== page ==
3. I know why a mother who doesn’t work would give their child to someone else at a very small age to watch during the day. And yes, I did put my child in daycare for periods of time so I could gather my wits and try to recover from the latest fiasco with him.

After all of that, I was finally able to start trying to enjoy my brand-new bouncing baby boy. I was able to bundle him up nice and warm and take him to Colorado with me to visit my parents in March of 2007. However, during that visit, he quit eating completely and would cry constantly. Then, when he finally fell asleep, I couldn’t wake him.

Giving up on trying to figure it out on my own, I took him to the local emergency room in Pueblo, Colorado. At the time, he was so dehydrated, it took 5 nurses before they could finally get a needle in his arm to give him fluids. My dad and my youngest brother came to visit me and my dad made sure I didn’t fall apart. He warned me I wasn’t able to do that around my son. That part was hard but not as hard as what came later.

The took some head x-rays and CTU scans and determined that he had to have water on the brain. With his daddy in Idaho, it was probably the worst news I’ve ever had to swallow. They wanted to take him up to the Children’s Hospital in Colorado Springs, Colorado – by ambulance! My dad and brother couldn’t go with me and I ended up riding alone but, when I got there, my eldest brother and his wife were there to meet and greet us. That was great, and made me feel so awesome.

It was a long night, waiting for the doctor to stop by in the morning and let me know what was going on with my child. Sleep was elusive but my child held up very well under the pressure of being tied down to his hospital bed by IV fluids and such.

The next morning, the doctor came in, said he’d looked at the CTU scan and x-rays and asked if my son had a large head when he was born. I said, “Well, of course he did. That’s why I had an emergency cesarean.” He said, “That explains it, then. There’s nothing wrong with him. He’s just sick and doesn’t want to eat.”

Turns out, my son had a very sore throat and didn’t want to swallow. The doc told me that, if it happens in the future, buy my baby a milk shake at McDonald’s and call it good. Caiden would get the fat content he needs and enough calories to keep him alive until the sore throat passed.

The things we learn, as first time mothers. Getting ourselves scared witless to learn about the benefits of a cold strawberry McDonald’s milkshake.

Shortly after this, my son gave me a second (or third, fourth, fifth?) scare. He was at daycare and the lady called me, telling me my son was broken out all over his face and chest. I reminded her that he had excema and to not worry overmuch about it. She thanked me and hung up – only to call me about 5 minutes later to tell me my son was throwing up all over the place. I asked what she fed him and she said, “Applesauce.” I raced over to her house while calling daddy and snatched up my boy. He was mid-way through an allergic reaction and we rushed off to the emergency room.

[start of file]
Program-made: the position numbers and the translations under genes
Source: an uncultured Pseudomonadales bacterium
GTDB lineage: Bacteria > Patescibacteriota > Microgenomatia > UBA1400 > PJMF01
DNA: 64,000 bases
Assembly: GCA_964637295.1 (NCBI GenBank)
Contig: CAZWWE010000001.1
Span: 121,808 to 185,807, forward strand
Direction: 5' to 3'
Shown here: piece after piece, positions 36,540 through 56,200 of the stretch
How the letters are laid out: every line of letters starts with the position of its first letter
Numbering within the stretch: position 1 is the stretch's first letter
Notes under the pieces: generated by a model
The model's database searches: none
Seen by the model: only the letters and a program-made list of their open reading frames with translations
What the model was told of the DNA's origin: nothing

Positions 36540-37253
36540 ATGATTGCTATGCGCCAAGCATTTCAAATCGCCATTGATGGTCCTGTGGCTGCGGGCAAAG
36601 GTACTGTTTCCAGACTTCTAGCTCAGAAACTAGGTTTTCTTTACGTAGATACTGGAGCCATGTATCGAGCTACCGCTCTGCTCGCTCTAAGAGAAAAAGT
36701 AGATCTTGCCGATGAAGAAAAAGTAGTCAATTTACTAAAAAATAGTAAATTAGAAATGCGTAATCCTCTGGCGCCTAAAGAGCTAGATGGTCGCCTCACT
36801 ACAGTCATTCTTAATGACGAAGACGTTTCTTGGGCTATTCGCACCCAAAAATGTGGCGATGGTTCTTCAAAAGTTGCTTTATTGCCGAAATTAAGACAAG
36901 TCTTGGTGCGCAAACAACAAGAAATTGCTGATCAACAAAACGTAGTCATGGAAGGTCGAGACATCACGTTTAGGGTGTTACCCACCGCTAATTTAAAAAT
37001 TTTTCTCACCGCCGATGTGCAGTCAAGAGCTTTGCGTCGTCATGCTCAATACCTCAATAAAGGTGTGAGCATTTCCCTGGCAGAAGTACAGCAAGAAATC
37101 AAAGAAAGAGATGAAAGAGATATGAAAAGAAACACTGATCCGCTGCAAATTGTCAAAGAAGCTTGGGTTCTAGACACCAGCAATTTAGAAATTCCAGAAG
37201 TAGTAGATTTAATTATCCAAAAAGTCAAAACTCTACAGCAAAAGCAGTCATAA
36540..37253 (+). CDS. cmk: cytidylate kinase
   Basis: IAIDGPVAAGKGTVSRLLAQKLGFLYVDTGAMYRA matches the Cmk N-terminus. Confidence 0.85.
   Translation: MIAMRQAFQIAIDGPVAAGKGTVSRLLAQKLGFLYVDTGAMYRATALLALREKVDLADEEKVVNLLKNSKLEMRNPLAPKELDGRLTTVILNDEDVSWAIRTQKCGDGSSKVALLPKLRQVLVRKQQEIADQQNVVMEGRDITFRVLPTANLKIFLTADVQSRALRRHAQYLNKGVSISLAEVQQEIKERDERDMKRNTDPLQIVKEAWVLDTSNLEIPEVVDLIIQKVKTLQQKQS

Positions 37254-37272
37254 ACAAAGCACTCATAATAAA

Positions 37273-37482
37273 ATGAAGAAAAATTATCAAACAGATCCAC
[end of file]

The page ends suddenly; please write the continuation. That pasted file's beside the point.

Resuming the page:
While waiting there, we determined he had to be allergic to apples. We waited to be seen about 30 minutes and finally gave up, called his doctor in the “other” town and headed up there. He was past any serious danger but the marks were evident – he was allergic to Apples. The doctor pronounced him fit and we went home and all was peaceful until …

He started pooping his pants and it was applesauce poop. He ended up with open bleeding sores all over his backside. We had to let him go with no diaper for nearly 2 days while it all healed. It was terrible and my heart broke for him.

Since that time, he’s had random apples in his life – not on purpose and his reactions are still there. Diarrhea and breaking out in hives. So, we’ve limited the exposure to the best we possibly can and have made sure he gets no solid apple of anything.

And I thought that was going to be the worst scares out of him – I was wrong.

On another side note, they didn’t warn me about all of this when I went through their “Baby Preparation” class!

We had so many hopes and dreams while I was pregnant and we decorated his baby room and daddy made him a toy box!

The shirt says, “Happiness is a full tummy.” This was a struggle for him – getting his belly full and being content.

His face is pretty clear for this picture but it will get worse, yet again. It was a constant battle until roughly January of 2008. I was pregnant but I took him to Salt Lake City Primary Children’s Hospital to finally get some answers. I was 5 months pregnant with Brendan and had had enough of Caiden’s awful face. When it cleared up, he was so beautiful!

There’s Part 2 – look for more as the day progresses!

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Categories: Family | 2 Comments

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2 thoughts on “Happy Birthday, Caiden (Part 2)

  1. I read this then had to go and let it sink in. good lord what a total nightmare your little mans early days were. I am so sorry you both had to suffer like you did. welldone mum in holding on and keeping your head above water somehow.

  2. It was a nightmare for him. He was a very happy boy, despite all that happened with his health and whatnot. You just couldn’t tell behind the screams and cries. Honestly, though – he was a very happy baby boy.

    Thank you again,

    Naia.